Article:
Composers > Anecdotes > Minors of the Majors - Pyotr Ilyich Tchaikovsky: - String Quartet - No. 2, Op. 22
by Georg Predota | May 2nd, 2016

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Pyotr Ilyich Tchaikovsky: String Quartet No. 2, Op. 22

Photo002“Minors of the Majors” invites you to discover compositions by the great classical composers that for one reason or another have not reached the musical mainstream. Please enjoy, and keep listening!

Within Pytor Ilyich Tchaikovsky’s (1840-1893) considerable musical oeuvre, we surprisingly find very few chamber music compositions. Trained within a Conservatory tradition that emphasized Western compositional techniques and expressions, we would certainly expect to find a multitude of intimate works for small ensembles. However, his chamber output is limited to three string quartets, a string sextet, a single piano trio and three works for Violin and Piano.

These compositions have received almost unanimous praise from the listening public; however, music critics and composers callously suggest that Tchaikovsky was merely a “symphonist who produced chamber music by paring things down rather than creating within the form.” Tchaikovsky’s second String Quartet, dating from 1874, emerges from a period in his life that saw the composer borrow musical forms and gestures of the past. Specifically, this quartet discloses a strong reliance on the musical language of Robert Schumann.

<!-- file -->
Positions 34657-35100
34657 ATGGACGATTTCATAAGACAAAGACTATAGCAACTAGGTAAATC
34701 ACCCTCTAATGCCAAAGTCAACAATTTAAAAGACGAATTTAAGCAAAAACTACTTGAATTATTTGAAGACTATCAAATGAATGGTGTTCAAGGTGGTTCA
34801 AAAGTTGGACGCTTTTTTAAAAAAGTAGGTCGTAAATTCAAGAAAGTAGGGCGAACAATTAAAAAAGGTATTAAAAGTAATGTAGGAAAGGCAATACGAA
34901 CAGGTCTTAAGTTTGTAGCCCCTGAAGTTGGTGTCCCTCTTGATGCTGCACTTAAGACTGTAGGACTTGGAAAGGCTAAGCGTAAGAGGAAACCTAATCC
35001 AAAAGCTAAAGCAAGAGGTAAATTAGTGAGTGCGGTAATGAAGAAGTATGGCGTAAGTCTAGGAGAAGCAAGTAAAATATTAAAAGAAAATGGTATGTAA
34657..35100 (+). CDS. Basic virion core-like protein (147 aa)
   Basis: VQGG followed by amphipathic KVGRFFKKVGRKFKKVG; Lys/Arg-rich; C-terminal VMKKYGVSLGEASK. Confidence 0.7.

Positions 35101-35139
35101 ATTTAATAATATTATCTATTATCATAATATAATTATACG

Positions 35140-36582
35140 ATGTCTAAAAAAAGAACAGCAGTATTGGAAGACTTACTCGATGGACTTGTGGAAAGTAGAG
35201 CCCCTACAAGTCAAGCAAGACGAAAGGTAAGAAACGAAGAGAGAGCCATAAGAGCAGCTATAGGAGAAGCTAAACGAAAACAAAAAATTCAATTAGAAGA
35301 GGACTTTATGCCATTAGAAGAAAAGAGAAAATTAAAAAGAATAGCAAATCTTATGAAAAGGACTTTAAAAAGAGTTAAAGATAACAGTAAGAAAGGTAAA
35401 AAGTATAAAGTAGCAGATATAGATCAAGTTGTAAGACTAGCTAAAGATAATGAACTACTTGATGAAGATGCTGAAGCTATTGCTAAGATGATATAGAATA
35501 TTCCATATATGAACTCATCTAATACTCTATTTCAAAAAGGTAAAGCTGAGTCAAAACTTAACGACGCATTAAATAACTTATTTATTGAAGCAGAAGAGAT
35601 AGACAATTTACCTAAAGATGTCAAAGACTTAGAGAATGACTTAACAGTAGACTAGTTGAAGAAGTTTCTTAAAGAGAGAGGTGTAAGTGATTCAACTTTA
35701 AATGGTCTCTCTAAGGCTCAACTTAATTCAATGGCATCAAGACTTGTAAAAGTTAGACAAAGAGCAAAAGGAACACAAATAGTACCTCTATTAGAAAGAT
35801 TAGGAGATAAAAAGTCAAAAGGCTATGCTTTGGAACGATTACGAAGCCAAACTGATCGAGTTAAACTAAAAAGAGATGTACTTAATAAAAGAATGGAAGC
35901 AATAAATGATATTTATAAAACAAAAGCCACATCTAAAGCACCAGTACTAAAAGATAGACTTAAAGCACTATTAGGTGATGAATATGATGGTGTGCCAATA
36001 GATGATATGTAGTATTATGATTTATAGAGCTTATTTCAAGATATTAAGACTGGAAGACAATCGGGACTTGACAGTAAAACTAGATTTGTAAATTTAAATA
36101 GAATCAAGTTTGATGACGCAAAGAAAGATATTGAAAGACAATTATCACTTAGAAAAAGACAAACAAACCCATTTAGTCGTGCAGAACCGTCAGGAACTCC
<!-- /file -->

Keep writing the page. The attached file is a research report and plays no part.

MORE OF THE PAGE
The first movement opens with a slow contrapuntal introduction full of delicious dissonance. An animated violin passage connects to the “Moderato” and to a pensive and melancholy tune. The halting accompaniment in turn, eventually gives rise to an animated offbeat melody, which nervously intensifies and develops. In the “Scherzo” Tchaikovsky combines musical gestures taken from the ballrooms of Russian aristocracy with the modal inflections and irregular phrase rhythms of peasant dance. The “Andante” features what Harold Schonberg aptly described as “music touched by neuroticism, as emotional as a scream from a window on a dark night.” In the “Finale” rhythm and meter become the main expressive agent. Tuneful melancholy and a breathless fugue—all terminating with a forceful and gasping restatement—only momentarily interrupt this relentless metric drive.

Pyotr Ilyich Tchaikovsky: String Quartet No. 2, Op. 22

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